Jane Eisenstein


I am an artist whose medium is weaving. The first version of this website was put up in 1996 so that I could share information on loom controlled shibori with a weaver on another coast. Later that year, I created the Weavers Guild of Boston website, which I maintained through early 2000. 

I became a weaver during a three week course at Haystack Mountain School of Crafts in 1994. Later, I took weaving classes at the University of Massachusetts Dartmouth and the Rhode Island School of Design. In May 1999, I completed a certificate in textile design at Philadelphia College of Textiles and Science (now part of Jefferson University). There I studied Jacquard design and investigated lye cloque and multi-weft double weave.

Since then, I have been creating imagery in my weaving. Initially, I did so using multi-weft double weave pickup. Early in 2002, I was introduced to the benefits of the Thread Controller TC-1 loom at a workshop hosted by the Potomac Craftsmen Guild in Washington, DC. In June 2003, I took an week long Jacquard design workshop taught by Louise Lemieux Berube at the Montreal Center for Contemporary Textiles and promptly ordered a TC-1 loom on returning home. I design for my TC-1using ArahWeave PE and Adobe PhotoShop as design tools.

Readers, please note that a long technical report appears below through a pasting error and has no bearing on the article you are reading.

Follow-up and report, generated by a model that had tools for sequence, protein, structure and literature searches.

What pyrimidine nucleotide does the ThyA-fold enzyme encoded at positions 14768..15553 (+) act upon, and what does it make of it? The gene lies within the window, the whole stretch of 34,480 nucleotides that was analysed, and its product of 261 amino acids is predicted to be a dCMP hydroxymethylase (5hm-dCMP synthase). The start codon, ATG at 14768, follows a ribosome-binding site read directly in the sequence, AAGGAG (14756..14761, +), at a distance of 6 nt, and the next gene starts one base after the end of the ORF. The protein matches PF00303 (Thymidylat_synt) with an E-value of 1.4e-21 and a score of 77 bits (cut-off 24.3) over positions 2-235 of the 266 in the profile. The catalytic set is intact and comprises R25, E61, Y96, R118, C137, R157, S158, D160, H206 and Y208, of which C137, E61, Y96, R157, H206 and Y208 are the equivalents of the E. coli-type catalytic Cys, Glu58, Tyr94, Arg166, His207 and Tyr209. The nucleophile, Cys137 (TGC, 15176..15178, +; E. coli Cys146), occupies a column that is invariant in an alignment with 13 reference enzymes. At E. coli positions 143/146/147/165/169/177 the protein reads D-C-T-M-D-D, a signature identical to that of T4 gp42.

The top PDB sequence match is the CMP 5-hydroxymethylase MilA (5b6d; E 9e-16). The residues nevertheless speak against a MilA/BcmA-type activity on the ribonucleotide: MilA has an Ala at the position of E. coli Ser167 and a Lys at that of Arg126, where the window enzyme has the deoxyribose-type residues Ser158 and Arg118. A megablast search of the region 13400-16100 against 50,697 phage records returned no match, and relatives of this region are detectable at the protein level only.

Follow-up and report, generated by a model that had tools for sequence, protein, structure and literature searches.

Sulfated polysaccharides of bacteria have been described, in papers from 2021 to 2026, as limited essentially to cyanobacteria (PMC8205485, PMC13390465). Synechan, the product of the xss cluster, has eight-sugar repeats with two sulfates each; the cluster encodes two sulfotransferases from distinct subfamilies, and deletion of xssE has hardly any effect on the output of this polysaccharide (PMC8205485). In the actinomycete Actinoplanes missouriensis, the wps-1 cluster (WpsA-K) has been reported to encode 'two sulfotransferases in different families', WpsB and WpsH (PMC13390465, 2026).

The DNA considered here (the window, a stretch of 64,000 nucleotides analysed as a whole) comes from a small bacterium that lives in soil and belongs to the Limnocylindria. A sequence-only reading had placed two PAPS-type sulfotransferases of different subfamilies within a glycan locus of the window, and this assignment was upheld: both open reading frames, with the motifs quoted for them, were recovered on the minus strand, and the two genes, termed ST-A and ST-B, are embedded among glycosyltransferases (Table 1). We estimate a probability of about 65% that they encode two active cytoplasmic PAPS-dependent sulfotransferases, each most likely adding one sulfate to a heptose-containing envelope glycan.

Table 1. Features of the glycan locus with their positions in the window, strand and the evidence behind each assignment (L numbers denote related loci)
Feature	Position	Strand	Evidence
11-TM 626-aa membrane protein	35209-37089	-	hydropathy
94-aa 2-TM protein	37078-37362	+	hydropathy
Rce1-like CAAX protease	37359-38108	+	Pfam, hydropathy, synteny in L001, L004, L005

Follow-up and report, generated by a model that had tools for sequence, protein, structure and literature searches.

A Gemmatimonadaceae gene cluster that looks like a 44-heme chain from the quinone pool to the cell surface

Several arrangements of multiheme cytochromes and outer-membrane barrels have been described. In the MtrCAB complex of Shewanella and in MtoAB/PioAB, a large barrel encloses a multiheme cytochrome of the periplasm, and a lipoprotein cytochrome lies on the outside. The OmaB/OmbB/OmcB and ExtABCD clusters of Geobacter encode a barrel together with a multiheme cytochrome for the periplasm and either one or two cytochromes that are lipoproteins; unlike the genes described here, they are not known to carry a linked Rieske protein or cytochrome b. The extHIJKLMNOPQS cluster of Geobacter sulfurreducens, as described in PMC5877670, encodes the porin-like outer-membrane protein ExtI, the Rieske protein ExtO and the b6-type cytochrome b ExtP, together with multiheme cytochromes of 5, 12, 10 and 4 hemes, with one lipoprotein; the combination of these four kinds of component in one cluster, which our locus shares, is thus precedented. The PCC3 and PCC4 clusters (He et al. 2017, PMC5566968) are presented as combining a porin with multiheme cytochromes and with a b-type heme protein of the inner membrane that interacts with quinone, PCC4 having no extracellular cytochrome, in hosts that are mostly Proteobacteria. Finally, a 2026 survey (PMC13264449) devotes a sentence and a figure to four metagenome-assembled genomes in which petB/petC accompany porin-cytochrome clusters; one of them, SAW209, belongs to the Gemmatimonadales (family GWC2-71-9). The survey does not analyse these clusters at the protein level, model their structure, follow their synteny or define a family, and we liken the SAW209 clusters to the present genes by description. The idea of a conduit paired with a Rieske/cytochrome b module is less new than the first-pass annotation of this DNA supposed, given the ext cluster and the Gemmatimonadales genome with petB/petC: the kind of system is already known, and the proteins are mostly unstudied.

I was on a weaving hiatus for over ten years until I retired in the spring of 2020 as the world went into lock down.  In fall 2020,  I got a 32 shaft Louet Megado loom and began renewing my acquaintance with weaving. 


I was a professional software developer for almost 40 years. I worked as a web developer from 1997 until 2021.

I began writing weaving software for my own use in 1996 to fill in gaps between commercial weave design programs. After my class at RISD, I did not want to lose the  drafts I had created in class using WeavePoint. Support for WIF text files had recently been added in my main weaving program, Swiftweave. The first weaving program I wrote translated WeavePoint and ProWeave drafts into WIF drafts. It was named QDWif (the QD stood for Quick and Dirty) and was available on this website as freeware. Commercial weaving programs eventually added support for WIF, so the need for QDWif disappeared.

To help myself design drafts for double weave pickup, I created my first weaving web app.  An improved version of of this web app, Multi-weft Double Weave Drafter, is available on this website.

While waiting for my TC-1 loom to arrive, I wrote a weaving program named Wif2Tiff that read WIF files and generated TIFF image files. I planned to use it to create weave image files to import into ArahWeave PE. Wif2Tiff was available on this website for several years. It has been replaced by my web application, WIF Visualizer.

While Bhakti Ziek and Alice Schlein were working on their book The Woven Pixel, they asked me to write a weaving program to translate Jacquard card images into Staubli JC5 files. This collaboration resulted in the program Gif2BeljenJC5 that translated GIF card images designed for the Beljen Mills’ jacquard loom into JC5 files. This program was available on this website until Beljen Mills closed down. Writing Gif2BeljenJC5 led me to weaving several of my own designs at Beljen Mills.